Rabies - Frequently Asked Questions

What is rabies?

  • Rabies is an infectious disease that is caused by a virus.
  • Infection with the rabies virus leads to acute viral encephalomyelitis (inflammation of the brain and spinal cord) and ultimately, death.
  • Any warm-blooded animal can get rabies, including humans.
  • The most common carriers of the rabies virus in Ontario are:
    • raccoons
    • foxes
    • skunks
    • coyotes
    • bats

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How does rabies spread?

  • The rabies virus is present in the saliva of an infected animal and is usually transmitted by a bite.
  • Rabies may also be transmitted if infectious material (such as saliva) of the infected animal enters a wound or mucous membrane such as the eyes, nose or mouth.
  • The virus enters the nerves in the open wound or the mucous membranes and travels to the brain.

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What are the signs and symptoms of rabies in animals?

Signs of rabies in animals may include:

  • wild animals acting friendly or tame;
  • hiding in isolated areas and depression;
  • loss of fear of humans, especially skunks (e.g., they do not run away when approached by humans or domestic animals);
  • paralysis, such as abnormal facial expressions, drooping heads, sagging jaws or paralyzed hind legs;
  • extreme excitement and aggression;
  • gnawing and biting their own legs;
  • attacking objects or other animals; or
  • frothing at the mouth.

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What are the signs and symptoms of rabies in humans?

  • Initial symptoms are usually flu-like with fever, headache, and nausea.
  • As the disease progresses, symptoms may include:
    • insomnia
    • anxiety
    • slight or partial paralysis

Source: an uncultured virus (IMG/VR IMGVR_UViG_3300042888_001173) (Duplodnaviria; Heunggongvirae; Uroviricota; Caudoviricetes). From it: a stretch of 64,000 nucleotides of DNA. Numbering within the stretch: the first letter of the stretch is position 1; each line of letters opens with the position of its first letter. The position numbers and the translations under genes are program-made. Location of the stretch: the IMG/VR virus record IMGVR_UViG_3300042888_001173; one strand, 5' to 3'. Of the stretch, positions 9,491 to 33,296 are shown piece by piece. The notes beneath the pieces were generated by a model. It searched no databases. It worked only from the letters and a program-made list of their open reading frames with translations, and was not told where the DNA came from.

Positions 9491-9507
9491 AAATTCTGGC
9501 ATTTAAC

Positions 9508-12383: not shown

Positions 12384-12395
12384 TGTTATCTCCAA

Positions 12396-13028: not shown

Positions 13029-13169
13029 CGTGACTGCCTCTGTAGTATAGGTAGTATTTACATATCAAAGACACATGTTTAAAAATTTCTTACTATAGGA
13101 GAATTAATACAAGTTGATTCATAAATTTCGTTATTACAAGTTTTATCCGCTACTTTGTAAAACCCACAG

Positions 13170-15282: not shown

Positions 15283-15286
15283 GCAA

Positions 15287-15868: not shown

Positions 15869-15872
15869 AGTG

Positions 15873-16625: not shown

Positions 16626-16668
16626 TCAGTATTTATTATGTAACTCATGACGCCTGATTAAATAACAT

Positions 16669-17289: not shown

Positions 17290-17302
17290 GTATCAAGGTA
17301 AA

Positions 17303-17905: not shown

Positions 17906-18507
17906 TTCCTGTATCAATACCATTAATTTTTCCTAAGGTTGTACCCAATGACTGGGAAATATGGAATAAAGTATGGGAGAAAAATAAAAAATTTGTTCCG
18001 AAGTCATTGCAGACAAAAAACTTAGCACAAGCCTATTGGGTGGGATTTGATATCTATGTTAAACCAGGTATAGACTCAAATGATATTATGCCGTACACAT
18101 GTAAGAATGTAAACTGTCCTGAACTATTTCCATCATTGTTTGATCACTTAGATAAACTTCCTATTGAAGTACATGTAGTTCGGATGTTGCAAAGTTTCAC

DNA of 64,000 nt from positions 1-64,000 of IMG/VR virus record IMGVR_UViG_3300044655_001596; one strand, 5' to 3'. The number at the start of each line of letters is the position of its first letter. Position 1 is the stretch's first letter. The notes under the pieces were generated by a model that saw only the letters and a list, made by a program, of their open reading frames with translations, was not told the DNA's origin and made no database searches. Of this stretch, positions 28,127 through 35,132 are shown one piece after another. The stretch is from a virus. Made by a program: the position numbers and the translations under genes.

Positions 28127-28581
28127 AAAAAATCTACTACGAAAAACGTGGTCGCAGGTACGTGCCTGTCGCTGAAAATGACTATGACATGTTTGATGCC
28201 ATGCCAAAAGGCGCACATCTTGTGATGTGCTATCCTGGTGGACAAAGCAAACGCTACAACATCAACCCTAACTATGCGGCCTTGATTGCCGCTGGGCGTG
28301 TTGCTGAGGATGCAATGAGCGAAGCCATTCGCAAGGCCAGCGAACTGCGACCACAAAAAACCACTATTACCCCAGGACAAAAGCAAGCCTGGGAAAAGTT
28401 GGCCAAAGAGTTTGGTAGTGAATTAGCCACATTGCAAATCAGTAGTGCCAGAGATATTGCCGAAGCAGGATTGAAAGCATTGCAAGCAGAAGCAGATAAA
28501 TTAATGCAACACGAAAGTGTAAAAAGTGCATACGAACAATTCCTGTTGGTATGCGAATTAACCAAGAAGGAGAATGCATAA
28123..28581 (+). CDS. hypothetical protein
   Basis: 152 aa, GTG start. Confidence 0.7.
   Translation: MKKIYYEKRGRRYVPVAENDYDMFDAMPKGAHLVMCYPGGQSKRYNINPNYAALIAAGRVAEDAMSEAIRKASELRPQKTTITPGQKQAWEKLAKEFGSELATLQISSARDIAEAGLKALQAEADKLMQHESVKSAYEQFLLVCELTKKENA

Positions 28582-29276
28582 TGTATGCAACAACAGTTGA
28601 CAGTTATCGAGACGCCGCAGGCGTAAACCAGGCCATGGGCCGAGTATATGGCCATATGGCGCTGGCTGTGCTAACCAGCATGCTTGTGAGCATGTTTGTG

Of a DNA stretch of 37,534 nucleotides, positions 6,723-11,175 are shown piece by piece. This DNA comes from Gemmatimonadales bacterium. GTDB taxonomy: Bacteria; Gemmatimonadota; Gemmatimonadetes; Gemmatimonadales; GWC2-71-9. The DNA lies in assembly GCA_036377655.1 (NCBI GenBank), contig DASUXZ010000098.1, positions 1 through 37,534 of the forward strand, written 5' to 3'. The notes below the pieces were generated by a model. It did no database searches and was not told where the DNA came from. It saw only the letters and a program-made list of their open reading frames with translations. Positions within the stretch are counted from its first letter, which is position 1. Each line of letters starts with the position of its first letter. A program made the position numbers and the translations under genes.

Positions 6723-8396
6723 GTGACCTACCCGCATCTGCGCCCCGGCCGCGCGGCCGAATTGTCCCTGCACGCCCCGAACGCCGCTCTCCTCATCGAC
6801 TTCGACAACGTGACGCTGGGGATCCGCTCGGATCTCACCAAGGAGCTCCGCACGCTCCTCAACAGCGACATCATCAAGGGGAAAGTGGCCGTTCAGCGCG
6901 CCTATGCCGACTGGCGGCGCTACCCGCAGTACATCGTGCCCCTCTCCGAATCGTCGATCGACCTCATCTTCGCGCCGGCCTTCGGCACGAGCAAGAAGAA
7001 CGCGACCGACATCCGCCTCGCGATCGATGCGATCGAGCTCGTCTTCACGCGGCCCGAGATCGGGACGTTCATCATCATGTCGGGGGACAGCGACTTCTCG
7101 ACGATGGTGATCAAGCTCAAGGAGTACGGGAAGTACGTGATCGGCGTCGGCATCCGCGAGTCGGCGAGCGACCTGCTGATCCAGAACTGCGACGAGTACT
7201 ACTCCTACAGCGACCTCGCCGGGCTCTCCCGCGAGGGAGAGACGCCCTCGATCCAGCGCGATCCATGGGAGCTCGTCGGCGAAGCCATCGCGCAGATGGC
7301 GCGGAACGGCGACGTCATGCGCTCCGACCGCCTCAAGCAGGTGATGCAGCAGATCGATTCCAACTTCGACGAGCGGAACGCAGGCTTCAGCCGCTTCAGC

• increased activity, restlessness
    • hallucinations
    • difficulty swallowing
    • a fear of water
  • Death can occur within days of the onset of symptoms, usually as a result of respiratory failure.
  • Once symptoms appear, rabies is usually fatal.

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How long does it take for rabies to develop?

  • In animals, development of symptoms can be from 2 weeks to many months.
  • In humans, symptoms usually develop after 3 - 8 weeks. In some cases, symptoms have appeared as early as 9 days and as long as 7 years after exposure.
  • The length of time depends on a number of factors including:
    • the severity of the bite
    • location of bite
    • the amount and the strain of the rabies virus.

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What should I do if I am bitten or scratched by an animal?

  • Wash the wound (or mucous membrane) immediately with soap and water and remove any clothing that may be contaminated with saliva.
  • Contact your family doctor.
  • Notify animal control services if necessary.
  • Report the incident immediately to your local Health Department and provide as much information as possible related to the incident, including:
    • Name and address of pet owner.
    • Description of animal.
    • Any other information that will help in finding the animal.

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How do I know if an animal was contagious with rabies when it bit or scratched me?

  • Procedures are followed by the Health Department to determine whether or not an animal was contagious with rabies when a bite or scratch has occurred.
  • Although it can take awhile for rabies to develop, the virus is only contagious for a short period of time before symptoms appear in the infected animal.
  • Dogs, cats and ferrets are confined for a 10-day isolation period at a location approved by the Health Department (usually the owner's home). During this time the animal is observed for signs of rabies.
  • If the animal was contagious at the time of the incident, it will display signs of rabies within the 10-day period.
  • If the animal involved cannot be located and observed, the victim may require post-exposure rabies treatment.

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Will I get rabies if I am exposed to an infected animal?

  • It is possible to get rabies following exposure to an infected animal, however, rabies can be prevented in humans with the administration of a post-exposure rabies treatment, or prophylaxis, as soon as possible following an exposure.
  • Once symptoms develop, rabies is usually fatal.

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Is there a vaccine against rabies?

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